Segments in this Video

Rx: The Quiet Revolution—Introduction (05:36)


Dr. David Loxterkamp makes house calls. Grubin's perspective on healthcare in America started changing after watching Loxterkamp with a patient. Dr. Douglas Eby uses a target analogy to explain patient care.

Reluctant Patients (04:33)

Loxterkamp has been practicing medicine in Belfast, Maine for 30 years; he began working with a team 10 years ago. He sees patients who are not fond of going to the doctor and talks to them about their daily lives; Dan has an ulcer on his leg and his diabetes is not controlled.

House Call (04:41)

Loxterkamp explains why he makes house calls and what he learns; his father made house calls. Loxterkamp visits a patient with diabetes. He reflects on treating patients with a chronic illness and his limitations as a doctor.

Supportive Community (03:44)

Dr. Chris Kramer discusses the death of a patient with colleagues. Failures of the healthcare system can seem like personal failures. Hear some of Loxterkamp's patient statistics; he feels health is in the community.

Medically Assisted Recovery Program (04:00)

Loxterkamp began seeing patients with opioid dependence about 10 years ago; one American dies from a painkiller overdose every hour. Patients in recovery discuss slipping and coming to meetings.

Patient Compliance and Goals (06:37)

Dan and Shannon return for a follow-up appointment. Dan is not taking his medications correctly and Shannon has not been exercising. Loxterkamp reflects on the patient/doctor partnership and making progress. Over 50% of the American population suffers from chronic disease.

Diabetes Patients (02:31)

Chronic illness is prevalent in the Mississippi Delta. Annie Ford struggled to control her diabetes for 12 years and now reaches out to help others.

Ruleville, MS (04:30)

Diabetes and obesity are challenges the Sunflower Health Clinic often encounters. The city is part of a study to help diabetics manage blood sugar levels. Dr. Kristi Henderson discusses implementing the Center for Telehealth.

Involved Healthcare Providers (04:10)

Ford measures her blood sugar levels daily; she discusses the importance of a caring doctor. Doctors at the Sunflower Health Clinic discuss patients during a weekly team call. Ford video chats with an endocrinologist in Jackson.

Choosing Self-Care (02:13)

Henderson discusses early results of the diabetes study. Ford explains why she has succeeded in lower her blood sugar levels. Approximately 29 million Americans have diabetes.

Aging and Care (04:48)

In the next 20 years, 72 million Americans will be over the age of 65; most do not want to live in a nursing home. On Lok makes it possible for aging seniors with chronic illnesses or disabilities to remain living in their homes.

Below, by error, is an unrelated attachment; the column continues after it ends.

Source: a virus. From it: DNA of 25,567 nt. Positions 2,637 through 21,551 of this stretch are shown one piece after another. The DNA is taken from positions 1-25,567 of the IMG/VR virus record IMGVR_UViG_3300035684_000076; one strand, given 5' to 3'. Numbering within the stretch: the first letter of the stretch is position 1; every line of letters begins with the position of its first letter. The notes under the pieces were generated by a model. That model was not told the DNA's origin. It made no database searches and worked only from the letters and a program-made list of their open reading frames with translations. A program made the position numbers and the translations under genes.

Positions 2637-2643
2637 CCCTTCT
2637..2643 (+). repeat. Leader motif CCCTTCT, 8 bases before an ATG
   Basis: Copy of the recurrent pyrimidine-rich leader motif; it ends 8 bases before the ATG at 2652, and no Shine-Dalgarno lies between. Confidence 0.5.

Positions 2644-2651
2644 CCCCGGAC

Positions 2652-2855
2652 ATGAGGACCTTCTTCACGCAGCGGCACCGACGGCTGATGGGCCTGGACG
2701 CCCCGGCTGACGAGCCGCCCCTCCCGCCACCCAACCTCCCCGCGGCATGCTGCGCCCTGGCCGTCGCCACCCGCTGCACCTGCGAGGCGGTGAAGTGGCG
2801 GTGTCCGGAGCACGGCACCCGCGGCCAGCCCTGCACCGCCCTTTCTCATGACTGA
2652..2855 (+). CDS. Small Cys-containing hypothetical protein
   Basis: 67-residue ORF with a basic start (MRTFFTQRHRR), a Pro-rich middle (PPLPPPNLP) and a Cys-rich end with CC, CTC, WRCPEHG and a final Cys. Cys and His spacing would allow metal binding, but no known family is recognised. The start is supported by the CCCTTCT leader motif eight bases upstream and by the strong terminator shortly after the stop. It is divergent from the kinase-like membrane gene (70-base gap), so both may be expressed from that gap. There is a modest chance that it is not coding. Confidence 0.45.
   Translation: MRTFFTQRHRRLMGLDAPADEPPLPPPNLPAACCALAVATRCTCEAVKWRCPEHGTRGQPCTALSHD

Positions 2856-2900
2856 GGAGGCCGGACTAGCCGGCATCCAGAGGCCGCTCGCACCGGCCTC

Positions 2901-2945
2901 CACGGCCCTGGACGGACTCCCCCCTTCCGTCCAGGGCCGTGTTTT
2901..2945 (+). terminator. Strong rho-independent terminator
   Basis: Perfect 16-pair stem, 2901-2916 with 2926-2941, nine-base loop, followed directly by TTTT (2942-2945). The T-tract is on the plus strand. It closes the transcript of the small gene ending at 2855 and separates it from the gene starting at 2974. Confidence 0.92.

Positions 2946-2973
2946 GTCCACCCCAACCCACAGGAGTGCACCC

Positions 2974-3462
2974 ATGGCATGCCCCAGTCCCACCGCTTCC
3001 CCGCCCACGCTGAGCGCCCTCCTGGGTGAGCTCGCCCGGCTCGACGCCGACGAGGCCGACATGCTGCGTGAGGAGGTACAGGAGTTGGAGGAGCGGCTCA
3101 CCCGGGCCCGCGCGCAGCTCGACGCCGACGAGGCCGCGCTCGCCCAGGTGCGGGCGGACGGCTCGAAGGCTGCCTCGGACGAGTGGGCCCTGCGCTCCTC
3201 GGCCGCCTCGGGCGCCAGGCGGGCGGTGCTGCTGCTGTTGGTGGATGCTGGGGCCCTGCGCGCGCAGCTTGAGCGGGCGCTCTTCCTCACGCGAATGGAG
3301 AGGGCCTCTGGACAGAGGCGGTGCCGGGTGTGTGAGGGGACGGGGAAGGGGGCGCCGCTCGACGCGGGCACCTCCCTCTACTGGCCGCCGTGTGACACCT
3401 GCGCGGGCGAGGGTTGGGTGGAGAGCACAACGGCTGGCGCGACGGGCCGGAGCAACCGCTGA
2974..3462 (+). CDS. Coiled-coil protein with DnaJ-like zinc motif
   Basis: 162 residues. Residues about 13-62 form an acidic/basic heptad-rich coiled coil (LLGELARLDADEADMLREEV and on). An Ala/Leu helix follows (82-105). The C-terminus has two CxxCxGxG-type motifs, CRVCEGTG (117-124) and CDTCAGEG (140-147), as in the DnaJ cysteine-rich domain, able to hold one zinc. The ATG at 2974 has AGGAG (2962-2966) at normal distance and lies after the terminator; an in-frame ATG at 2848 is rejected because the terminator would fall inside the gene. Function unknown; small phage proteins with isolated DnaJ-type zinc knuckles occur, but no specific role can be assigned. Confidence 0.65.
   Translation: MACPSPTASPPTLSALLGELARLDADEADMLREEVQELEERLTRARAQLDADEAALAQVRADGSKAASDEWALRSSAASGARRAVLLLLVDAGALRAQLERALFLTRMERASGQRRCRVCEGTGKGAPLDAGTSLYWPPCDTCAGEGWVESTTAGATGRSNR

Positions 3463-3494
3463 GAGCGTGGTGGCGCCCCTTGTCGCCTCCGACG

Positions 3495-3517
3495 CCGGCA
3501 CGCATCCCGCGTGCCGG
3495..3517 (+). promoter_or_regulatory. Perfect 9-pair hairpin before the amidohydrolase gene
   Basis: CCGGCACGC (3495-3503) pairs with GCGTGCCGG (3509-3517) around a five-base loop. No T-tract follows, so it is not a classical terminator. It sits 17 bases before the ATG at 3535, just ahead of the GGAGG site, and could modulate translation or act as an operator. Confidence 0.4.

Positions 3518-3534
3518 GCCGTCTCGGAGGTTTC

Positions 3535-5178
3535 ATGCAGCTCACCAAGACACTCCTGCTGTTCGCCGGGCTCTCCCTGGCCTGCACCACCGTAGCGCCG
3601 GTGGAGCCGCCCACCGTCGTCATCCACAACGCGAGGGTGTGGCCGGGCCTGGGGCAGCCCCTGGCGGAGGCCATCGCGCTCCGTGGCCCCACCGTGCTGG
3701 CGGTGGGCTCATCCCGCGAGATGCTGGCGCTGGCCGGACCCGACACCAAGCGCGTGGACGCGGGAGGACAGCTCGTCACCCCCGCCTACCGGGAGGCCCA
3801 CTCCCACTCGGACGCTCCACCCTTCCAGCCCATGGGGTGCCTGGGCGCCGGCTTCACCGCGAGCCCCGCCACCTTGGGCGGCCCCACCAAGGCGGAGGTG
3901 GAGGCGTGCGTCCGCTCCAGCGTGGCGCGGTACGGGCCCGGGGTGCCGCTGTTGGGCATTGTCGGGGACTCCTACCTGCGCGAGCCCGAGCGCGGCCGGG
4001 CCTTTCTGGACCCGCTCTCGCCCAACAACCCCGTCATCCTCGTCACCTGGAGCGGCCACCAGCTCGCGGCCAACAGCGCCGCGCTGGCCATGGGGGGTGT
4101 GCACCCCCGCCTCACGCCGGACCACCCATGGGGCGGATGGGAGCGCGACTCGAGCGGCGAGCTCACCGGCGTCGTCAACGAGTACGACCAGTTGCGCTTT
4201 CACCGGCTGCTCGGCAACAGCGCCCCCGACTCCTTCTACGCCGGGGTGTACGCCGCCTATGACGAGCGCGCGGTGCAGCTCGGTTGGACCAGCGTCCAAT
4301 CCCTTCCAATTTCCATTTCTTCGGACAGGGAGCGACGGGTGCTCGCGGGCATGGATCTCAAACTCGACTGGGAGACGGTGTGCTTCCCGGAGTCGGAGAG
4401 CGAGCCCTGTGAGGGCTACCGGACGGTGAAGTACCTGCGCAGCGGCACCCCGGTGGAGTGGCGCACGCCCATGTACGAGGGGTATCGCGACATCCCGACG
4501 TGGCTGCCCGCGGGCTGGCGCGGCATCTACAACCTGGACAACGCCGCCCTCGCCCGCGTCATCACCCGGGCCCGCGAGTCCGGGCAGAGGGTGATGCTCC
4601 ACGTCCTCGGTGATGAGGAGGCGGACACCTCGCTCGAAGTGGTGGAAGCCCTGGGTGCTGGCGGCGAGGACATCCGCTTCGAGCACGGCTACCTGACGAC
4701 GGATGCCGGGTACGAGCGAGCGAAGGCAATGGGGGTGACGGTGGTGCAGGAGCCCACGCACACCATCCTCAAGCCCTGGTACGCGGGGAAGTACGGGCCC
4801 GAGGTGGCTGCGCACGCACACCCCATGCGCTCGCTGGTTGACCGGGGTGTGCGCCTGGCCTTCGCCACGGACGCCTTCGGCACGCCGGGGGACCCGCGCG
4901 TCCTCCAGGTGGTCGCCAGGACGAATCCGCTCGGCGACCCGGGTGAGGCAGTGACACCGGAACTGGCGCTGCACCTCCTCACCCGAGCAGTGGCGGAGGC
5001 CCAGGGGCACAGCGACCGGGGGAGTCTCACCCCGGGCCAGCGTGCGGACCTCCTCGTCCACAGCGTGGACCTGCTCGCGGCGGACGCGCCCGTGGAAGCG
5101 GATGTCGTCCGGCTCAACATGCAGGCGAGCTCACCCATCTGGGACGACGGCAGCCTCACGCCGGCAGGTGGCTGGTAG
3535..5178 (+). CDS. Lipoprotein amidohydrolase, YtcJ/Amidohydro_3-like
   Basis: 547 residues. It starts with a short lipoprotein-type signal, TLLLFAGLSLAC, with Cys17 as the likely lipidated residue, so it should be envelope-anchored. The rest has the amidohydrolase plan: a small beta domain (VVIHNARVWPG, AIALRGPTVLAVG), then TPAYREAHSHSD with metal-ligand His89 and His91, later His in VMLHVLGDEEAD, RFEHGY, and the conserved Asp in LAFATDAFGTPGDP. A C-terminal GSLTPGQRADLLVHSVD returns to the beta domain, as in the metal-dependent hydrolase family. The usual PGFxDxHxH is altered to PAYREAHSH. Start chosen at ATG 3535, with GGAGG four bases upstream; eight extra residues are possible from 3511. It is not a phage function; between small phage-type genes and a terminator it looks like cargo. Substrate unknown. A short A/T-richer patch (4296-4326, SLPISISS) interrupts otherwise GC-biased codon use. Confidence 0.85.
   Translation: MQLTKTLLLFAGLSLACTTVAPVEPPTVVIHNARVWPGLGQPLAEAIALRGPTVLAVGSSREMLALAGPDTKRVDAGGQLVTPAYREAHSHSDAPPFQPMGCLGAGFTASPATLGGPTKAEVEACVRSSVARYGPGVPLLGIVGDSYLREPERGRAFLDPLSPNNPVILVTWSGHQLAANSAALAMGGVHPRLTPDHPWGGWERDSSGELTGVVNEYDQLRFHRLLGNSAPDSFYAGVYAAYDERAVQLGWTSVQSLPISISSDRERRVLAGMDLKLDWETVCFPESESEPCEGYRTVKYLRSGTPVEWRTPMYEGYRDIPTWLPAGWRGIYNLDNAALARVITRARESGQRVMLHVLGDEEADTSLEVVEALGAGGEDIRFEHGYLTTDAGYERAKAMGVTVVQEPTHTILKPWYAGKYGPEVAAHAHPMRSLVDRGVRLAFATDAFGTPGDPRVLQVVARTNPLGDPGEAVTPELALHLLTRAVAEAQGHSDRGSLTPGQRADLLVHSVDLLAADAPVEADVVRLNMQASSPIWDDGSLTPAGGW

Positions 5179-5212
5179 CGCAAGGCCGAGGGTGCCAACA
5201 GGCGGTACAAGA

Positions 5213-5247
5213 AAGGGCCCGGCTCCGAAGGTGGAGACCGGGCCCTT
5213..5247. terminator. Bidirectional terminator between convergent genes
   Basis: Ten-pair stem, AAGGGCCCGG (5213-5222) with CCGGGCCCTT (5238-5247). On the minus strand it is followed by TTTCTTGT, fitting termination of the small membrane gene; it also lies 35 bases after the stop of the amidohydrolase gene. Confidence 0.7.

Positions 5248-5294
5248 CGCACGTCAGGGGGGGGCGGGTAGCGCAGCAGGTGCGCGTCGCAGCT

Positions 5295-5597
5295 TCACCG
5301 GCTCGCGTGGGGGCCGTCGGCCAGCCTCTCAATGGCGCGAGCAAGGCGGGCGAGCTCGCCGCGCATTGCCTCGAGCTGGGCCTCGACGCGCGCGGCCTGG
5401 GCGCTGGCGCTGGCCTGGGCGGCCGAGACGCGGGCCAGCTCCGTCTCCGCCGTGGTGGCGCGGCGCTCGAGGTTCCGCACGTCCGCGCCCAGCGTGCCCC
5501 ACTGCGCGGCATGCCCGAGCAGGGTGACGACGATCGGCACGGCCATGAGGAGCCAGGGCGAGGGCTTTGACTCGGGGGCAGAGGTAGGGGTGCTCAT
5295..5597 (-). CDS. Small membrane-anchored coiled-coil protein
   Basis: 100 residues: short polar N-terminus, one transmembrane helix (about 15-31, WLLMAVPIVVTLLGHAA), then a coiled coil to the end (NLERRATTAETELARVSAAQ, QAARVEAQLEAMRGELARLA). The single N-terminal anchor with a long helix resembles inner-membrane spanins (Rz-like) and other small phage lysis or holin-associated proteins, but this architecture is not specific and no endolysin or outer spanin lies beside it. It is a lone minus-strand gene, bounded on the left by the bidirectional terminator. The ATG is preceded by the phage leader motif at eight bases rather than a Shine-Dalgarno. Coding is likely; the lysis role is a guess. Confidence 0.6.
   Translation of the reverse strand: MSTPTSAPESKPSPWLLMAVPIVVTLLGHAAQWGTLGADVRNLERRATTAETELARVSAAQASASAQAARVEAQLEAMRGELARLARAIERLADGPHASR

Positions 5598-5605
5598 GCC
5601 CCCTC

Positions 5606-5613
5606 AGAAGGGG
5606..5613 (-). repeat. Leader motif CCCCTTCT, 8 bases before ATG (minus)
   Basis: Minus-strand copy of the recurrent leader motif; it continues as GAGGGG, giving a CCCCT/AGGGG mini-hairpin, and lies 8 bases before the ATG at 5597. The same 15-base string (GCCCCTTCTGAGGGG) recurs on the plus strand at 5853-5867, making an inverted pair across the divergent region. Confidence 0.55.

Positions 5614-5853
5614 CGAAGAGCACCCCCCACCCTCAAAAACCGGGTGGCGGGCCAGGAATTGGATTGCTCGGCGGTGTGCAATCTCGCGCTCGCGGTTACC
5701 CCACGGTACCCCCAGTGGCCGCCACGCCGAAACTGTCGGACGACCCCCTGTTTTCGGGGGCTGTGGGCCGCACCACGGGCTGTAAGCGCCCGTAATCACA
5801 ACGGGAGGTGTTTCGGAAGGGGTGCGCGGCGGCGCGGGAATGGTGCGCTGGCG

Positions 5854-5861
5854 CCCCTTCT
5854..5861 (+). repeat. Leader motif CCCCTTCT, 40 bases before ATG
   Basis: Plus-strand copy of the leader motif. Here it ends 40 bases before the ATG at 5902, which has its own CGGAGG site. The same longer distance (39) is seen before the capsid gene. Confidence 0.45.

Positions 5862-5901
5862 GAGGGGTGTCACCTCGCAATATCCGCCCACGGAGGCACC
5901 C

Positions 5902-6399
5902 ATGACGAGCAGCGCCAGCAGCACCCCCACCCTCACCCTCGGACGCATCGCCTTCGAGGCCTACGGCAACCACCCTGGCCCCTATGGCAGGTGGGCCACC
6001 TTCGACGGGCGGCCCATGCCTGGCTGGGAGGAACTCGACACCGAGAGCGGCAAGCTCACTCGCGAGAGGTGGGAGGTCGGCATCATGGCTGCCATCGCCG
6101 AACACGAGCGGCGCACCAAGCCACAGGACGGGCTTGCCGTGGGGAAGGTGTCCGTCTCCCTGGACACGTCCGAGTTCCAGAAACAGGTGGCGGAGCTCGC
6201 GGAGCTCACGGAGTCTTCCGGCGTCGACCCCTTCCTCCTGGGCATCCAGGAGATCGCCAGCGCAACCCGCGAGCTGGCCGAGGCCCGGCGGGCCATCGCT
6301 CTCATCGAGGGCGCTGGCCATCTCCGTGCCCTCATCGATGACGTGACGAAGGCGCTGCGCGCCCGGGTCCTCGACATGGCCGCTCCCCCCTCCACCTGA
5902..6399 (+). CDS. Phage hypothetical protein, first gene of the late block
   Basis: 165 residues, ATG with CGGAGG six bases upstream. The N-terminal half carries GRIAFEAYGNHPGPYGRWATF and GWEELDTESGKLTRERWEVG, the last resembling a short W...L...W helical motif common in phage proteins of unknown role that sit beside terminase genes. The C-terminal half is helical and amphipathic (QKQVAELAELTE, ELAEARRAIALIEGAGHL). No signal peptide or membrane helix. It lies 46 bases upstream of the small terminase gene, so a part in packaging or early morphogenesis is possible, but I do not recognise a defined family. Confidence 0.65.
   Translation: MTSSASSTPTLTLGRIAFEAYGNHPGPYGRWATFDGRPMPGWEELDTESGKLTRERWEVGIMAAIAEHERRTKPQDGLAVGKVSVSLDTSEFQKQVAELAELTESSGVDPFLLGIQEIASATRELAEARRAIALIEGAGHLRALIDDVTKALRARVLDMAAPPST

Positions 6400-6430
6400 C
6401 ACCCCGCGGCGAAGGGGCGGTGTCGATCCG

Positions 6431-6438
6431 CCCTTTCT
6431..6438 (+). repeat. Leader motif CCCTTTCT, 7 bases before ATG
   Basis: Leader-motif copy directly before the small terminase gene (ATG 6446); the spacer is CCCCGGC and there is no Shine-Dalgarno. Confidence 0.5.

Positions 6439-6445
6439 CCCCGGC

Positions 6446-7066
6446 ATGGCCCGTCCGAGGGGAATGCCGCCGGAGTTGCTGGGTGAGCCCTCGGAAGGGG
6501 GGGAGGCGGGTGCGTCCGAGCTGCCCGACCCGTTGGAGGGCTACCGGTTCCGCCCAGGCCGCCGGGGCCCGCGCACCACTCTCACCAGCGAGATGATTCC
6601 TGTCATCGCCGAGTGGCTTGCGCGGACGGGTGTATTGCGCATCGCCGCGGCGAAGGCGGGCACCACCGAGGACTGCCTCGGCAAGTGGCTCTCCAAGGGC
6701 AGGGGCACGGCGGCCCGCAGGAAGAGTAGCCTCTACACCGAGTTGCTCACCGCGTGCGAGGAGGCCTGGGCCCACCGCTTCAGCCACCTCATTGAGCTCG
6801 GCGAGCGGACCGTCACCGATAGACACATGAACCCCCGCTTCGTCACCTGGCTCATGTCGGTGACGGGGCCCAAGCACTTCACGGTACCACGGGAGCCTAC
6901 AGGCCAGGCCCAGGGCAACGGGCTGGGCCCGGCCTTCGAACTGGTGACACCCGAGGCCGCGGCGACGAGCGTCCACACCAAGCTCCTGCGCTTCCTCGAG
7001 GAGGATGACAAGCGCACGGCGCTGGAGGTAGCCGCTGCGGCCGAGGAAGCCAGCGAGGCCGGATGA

Care for Elderly Chinese Residents (04:35)

On Lok began in 1971 in San Francisco's Chinatown and is now part of PACE Lifeways. Prior to 1971, nursing homes were the only option for care. Dr.Jay Luxenberg and Robert Edmondson explain financial and care logistics.

On Lok Senior Center (04:52)

The center provides activities, companionship, and healthcare. The healthcare team regularly meets to discuss each senior's health and their care plan; they discuss Belle Lin. Dr. Jay Luxenberg reflects on providing personalized medical care. Approximately 1.4 million Americans live in nursing homes.

Alaskan Native Healthcare (03:44)

The current healthcare system in Alaska encourages native residents to take responsibility for their health. In the past, the Indian Health Service treated patients through the emergency room. Katherine Gottlieb led the way in reforming healthcare in Anchorage.

South Central Foundation (04:15)

The foundation took over native healthcare from the IHS in 1998; primary care is its central mission. Patients can schedule appointments for the day they call and there is little wait time; they are "customer owners." Patients must be fully engaged in their healthcare.

Healthcare in Remote Villages (04:47)

South Central Foundation works closely with community health aides; Miranda Petruska works in McGrath. Health aides follow a strict protocol and communicate with doctors in Anchorage; a vending machine dispenses medications.

Western and Traditional Medicine (04:15)

Margaret Parker's health started deteriorating eight years ago and she began taking better care of herself. She uses traditional management strategies to help her avoid knee replacement surgery. Sarah Smith learned traditional healing as a child.

Top Health Needs (04:13)

South Central Foundation customer owners wanted focus on domestic violence, child abuse, and child neglect; Polly Andrews grew up in an abusive environment. Federal policies stripped Alaskan Native people of their culture and attempted to force them to assimilate.

Breaking the Silence (05:42)

Rick McCafferty shares his story of abuse and reflects on the impact of remaining quiet. Women dance "Rise up Mighty Warrior." South Central Foundation offers a program for individuals to share their stories; self-confidence affects all aspects of health. Grubin reflects on his healthcare journey.

Credits: Rx: The Quiet Revolution (00:60)

Credits: Rx: The Quiet Revolution

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Rx: The Quiet Revolution

3-Year Streaming Price: $199.95



Filmmaker David Grubin, the son of a general practitioner, takes his camera across the country to focus on America's health care delivery system and discovers a quiet revolution—doctors, nurses, and health care professionals who are transforming the way we receive our medical care and lowering costs at the same time.

Length: 85 minutes

Item#: BVL131324

Copyright date: ©2015

Closed Captioned

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Not available to Home Video, Dealer and Publisher customers.

Only available in USA and Canada.